The Less Said the Better . . .
Posted by Michael Cohen
To follow up on James smart point about not giving al Qaeda the media platform they desire, perhaps our elected officials could hold their tongue about the implication of last week's alleged al Qaeda attack on a Northwest flight until they have all the information . . . Ok, obviously I'm drunk, stoned or mentally incapacitated if I actually think that's going to happen. But you would think with how little we know about one Umar Farouk Abdulmutallab it might be better to withhold judgment.
For example, HHS Secretary Janet Napolitano is facing withering criticism for her department's failure to prevent this attempted attack. There has also been criticism that Abdulmutallab's name was not added to a no-fly list. After all, his father warned the US government of his radical views in November. But the father provided minimal information and there was little reason to believe that Abdulmutallab was a serious threat. I suppose there is a view that US intelligence agencies operate like they do in the movies but the fact is the USG simply lacks the resources to run down every possibly radicalized individual out there. As the Washington Post makes clear:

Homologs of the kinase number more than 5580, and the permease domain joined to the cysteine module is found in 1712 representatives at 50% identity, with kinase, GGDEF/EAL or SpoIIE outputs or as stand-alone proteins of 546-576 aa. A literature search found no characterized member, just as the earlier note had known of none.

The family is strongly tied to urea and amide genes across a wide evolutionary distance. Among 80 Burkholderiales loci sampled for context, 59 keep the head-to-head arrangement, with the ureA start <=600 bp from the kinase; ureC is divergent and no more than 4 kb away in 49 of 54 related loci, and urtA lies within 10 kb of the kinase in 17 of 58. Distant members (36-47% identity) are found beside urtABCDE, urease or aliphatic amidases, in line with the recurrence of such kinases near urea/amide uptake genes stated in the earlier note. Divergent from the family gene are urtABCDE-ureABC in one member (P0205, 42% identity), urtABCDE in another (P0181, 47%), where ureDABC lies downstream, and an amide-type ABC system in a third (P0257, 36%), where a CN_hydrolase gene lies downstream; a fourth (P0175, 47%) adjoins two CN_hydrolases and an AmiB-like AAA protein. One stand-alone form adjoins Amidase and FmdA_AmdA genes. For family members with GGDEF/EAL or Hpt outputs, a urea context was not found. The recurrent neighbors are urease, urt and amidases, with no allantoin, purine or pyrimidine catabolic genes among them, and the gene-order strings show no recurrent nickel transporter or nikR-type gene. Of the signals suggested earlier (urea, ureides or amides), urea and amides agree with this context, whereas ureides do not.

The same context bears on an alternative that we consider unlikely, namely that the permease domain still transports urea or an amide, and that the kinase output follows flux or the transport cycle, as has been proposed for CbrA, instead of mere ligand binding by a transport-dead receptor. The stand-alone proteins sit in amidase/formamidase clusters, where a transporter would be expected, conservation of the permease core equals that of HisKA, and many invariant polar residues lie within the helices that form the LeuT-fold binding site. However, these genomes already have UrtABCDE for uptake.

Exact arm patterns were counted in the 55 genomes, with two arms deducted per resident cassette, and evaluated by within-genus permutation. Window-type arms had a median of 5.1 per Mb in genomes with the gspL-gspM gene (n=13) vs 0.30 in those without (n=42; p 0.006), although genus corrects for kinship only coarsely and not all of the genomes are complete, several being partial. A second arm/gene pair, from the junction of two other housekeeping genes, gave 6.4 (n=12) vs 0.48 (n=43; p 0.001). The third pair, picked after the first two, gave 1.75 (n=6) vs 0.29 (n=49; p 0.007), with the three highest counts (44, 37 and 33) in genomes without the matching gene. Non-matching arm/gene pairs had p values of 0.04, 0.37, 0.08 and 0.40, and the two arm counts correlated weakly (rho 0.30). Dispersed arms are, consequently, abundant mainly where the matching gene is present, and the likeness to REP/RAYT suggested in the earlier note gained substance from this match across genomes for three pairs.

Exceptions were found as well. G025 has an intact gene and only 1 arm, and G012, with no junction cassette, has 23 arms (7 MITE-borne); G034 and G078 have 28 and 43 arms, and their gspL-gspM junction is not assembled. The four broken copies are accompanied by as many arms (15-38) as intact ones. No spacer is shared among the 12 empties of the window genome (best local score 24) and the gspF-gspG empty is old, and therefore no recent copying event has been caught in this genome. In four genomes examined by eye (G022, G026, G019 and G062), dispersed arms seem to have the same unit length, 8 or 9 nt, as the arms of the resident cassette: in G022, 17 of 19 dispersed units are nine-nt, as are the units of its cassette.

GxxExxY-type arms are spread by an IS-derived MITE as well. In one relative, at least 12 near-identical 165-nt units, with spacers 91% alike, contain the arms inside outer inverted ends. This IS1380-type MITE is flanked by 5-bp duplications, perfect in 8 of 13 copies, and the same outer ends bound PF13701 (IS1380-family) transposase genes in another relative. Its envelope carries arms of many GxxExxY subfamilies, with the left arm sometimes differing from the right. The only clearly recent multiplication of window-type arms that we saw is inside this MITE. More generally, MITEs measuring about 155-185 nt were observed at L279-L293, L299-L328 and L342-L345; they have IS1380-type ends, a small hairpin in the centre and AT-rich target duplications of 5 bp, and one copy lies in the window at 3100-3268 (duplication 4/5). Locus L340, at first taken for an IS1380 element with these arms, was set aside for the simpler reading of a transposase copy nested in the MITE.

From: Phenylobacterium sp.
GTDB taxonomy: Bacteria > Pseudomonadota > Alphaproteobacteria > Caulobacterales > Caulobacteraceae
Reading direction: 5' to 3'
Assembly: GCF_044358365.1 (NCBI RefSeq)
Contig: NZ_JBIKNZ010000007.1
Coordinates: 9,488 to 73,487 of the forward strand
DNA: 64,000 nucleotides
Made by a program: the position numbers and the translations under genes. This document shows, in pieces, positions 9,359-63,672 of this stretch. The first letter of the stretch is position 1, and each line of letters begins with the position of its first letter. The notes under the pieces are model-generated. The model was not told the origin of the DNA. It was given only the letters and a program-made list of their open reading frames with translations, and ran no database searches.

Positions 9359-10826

"It's got to be something that causes the information to sort of rise out of the noise level, because there is just so much out there," one intelligence official said.
I suppose some could argue that Abdulmutallab's name should have been added to the list as soon as his father showed up at the US Embassy in Abuja, but if we started doing that then we would begin to have a very long no-fly list. And as some may remember, the movement over the past few years has been to shrink, not expand the no-fly list.
Now of course, I fully recognize that this latest incident could be a giant screw-up (as I said earlier I don't know all the facts), but not to sound overly fatalistic, the United States is never going to be able to completely shut its doors to the world and prevent every lone bomber from wreaking havoc. It's the nature of terrorism and particularly suicide bombing. The fact that we haven't had a single airplane attack since 2001 suggests that we've been more successful than we think . . . or even that al Qaeda's capabilities are not quite what people would have us believe. But above all it suggests that terrorism will remain a fact of life in this country for the foreseeable future. We should be vigilant, but realistic about the threat. In fact, it reminds me of some wise words spoken by a US politician five years ago:
Or dominating the foreign policy of your country . . .